“As an industry committed to continuous improvement and meeting customer needs, fenestration manufacturers continually innovate,” Harkema says. “For example, they design and test products to meet rigorous AAMA standards and the latest building codes to help products meet the performance challenges building owners face today in all types of climate conditions from coastal conditions to inland or mountainous region needs.”
Maintaining the Look
California residents, like many building occupants across the U.S., have grown accustomed to home design that brings the outside in. They want to enjoy outside views and maximize the amount of natural light entering their space, and windows and doors allow for this to happen. Manufacturers have developed products that maintain high energy efficiency while allowing for large expanses of glass, as well as other design trends that have surfaced in recent years.
“Windows and doors are one of the few features viewed from both inside and outside of a building. That’s why fenestration manufacturers pay attention to the visual aspects of each, in addition to product performance,” says Harkema. “To meet design needs, many fenestration products have been designed with slimmer sight lines to allow for today’s popular contemporary home styles, without sacrificing durability, energy efficiency or performance.”
Must a City or County Adopt Title 24?
“Generally yes,” according to a Frequently Asked Questions resource on the California Department of General Services website:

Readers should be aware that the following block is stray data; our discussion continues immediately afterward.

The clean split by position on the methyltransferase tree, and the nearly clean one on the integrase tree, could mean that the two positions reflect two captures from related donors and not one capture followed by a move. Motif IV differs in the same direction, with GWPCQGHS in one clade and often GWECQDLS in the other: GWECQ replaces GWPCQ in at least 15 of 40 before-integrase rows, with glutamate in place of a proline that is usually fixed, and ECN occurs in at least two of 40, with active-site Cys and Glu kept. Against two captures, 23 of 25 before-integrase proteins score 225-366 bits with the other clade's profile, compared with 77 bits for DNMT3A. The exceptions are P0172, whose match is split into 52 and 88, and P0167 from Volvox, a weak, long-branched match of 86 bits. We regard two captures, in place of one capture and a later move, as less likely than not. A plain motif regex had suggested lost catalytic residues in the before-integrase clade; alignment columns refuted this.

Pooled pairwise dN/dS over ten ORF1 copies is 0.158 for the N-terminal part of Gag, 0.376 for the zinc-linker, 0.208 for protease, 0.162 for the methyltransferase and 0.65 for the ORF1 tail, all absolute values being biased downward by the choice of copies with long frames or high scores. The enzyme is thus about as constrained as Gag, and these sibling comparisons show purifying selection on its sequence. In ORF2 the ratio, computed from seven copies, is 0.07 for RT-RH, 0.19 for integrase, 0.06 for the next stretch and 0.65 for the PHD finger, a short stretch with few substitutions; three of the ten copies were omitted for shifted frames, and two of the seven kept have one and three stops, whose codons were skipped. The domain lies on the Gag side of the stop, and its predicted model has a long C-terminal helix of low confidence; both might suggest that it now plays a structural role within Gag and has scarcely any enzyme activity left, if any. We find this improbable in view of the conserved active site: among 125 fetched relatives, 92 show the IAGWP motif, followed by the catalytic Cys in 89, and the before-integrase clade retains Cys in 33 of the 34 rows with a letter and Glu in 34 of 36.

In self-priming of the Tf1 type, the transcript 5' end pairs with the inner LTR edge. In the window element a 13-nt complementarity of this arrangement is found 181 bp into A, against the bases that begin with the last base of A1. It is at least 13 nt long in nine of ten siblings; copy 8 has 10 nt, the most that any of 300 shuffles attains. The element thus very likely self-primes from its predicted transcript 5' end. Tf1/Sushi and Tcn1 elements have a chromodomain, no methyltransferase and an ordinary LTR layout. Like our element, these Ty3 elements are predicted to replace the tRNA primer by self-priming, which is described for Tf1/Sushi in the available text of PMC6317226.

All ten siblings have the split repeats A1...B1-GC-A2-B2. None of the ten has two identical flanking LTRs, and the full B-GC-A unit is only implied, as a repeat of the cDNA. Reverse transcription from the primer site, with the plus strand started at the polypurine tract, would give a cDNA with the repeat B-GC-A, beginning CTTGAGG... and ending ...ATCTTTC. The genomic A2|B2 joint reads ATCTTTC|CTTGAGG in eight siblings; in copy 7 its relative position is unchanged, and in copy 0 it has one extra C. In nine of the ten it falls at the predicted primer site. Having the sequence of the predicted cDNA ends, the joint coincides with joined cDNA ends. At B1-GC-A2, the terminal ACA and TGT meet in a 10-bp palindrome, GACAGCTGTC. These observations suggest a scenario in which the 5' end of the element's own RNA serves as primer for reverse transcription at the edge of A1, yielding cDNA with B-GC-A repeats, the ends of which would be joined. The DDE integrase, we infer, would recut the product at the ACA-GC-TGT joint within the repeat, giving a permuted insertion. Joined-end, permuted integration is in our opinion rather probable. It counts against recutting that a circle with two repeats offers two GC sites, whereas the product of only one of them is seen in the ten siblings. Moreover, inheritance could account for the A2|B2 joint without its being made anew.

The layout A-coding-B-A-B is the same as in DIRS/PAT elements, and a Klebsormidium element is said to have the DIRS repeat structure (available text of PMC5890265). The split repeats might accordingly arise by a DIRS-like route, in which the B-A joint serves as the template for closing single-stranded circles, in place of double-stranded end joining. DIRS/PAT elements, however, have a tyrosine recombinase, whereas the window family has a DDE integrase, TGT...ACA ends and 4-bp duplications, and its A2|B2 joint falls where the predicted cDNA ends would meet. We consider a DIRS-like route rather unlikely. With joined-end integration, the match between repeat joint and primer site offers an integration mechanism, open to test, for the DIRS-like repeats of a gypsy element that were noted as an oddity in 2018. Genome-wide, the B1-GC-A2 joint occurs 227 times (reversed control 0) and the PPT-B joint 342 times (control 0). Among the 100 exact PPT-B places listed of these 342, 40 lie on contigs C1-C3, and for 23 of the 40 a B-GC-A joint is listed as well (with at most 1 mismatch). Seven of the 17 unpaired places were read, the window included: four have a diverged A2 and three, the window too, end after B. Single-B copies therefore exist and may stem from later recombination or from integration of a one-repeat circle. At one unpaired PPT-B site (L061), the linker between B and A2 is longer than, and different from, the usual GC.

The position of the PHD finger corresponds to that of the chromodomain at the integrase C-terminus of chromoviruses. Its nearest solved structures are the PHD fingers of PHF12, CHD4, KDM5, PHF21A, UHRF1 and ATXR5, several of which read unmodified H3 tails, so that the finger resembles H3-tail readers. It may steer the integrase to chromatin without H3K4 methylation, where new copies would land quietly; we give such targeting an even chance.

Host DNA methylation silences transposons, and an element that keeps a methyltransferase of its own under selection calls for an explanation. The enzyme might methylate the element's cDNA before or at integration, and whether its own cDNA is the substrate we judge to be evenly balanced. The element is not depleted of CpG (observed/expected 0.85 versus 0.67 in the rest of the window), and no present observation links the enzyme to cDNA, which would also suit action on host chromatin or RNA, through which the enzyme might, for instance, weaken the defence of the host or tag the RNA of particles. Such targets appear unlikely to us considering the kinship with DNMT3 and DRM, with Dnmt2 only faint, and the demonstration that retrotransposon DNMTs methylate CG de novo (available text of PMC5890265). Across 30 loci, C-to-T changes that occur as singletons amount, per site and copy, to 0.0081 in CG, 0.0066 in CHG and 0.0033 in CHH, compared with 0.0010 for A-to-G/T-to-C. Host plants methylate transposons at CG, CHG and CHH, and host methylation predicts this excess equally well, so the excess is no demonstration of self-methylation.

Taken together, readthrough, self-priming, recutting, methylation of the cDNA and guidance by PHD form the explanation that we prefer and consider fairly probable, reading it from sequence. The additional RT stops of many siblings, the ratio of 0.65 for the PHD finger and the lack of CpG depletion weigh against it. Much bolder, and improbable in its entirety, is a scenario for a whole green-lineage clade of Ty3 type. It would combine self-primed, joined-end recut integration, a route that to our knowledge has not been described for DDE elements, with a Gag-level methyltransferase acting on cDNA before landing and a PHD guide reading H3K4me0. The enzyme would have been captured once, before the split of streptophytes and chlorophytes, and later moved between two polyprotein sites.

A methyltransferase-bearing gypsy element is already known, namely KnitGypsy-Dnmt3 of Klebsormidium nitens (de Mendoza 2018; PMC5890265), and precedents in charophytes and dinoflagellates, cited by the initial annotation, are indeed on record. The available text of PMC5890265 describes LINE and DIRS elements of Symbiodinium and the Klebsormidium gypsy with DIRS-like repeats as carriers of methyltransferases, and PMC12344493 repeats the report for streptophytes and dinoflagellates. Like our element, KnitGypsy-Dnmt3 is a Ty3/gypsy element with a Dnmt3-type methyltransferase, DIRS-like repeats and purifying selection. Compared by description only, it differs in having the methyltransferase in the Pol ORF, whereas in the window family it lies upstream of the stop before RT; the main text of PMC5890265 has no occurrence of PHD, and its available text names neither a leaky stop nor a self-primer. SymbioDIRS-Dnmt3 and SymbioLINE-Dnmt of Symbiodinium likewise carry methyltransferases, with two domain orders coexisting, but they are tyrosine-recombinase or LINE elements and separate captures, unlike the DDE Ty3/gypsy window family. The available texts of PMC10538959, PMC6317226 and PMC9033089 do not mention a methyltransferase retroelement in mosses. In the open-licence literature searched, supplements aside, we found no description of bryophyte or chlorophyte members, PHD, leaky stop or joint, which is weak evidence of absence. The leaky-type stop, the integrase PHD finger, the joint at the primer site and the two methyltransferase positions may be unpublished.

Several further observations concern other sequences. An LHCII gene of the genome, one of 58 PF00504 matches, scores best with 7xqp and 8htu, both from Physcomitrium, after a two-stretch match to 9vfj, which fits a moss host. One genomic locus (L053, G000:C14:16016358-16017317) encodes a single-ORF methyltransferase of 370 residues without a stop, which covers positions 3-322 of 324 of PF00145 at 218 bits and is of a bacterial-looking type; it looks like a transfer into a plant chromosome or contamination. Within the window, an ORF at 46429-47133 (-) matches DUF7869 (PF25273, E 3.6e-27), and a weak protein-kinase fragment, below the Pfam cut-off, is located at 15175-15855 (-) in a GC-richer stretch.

“Otherwise it may be impossible to carry out mandated enforcement and utilize legal processes. State law mandates that local government enforce the California Building Standards Code as published by the California Buildings Standards Commission in Title 24 of the California Code of Regulations. However, there is no mandate that local government adopt Title 24; just that it be enforced. Title 24 applies where no local adoption ordinance exists. To carry out enforcement activities, it is the general practice for a city, county, or city and county to enact a so-called adoption ordinance making Title 24 the applicable code. Then local government may utilize administrative and criminal enforcement authority established by local ordinance.”
“In addition, with the demand for colors to complement or contrast with a home’s exterior to help set it apart or blend in with others in the neighborhood, today’s fenestration product frames offer myriad color and material options and finishes to meet exterior and interior design needs, ranging from black to neutral earth tones or wood grain tones, to bold vivid colors or shades of gray.”
Design Without Sacrifice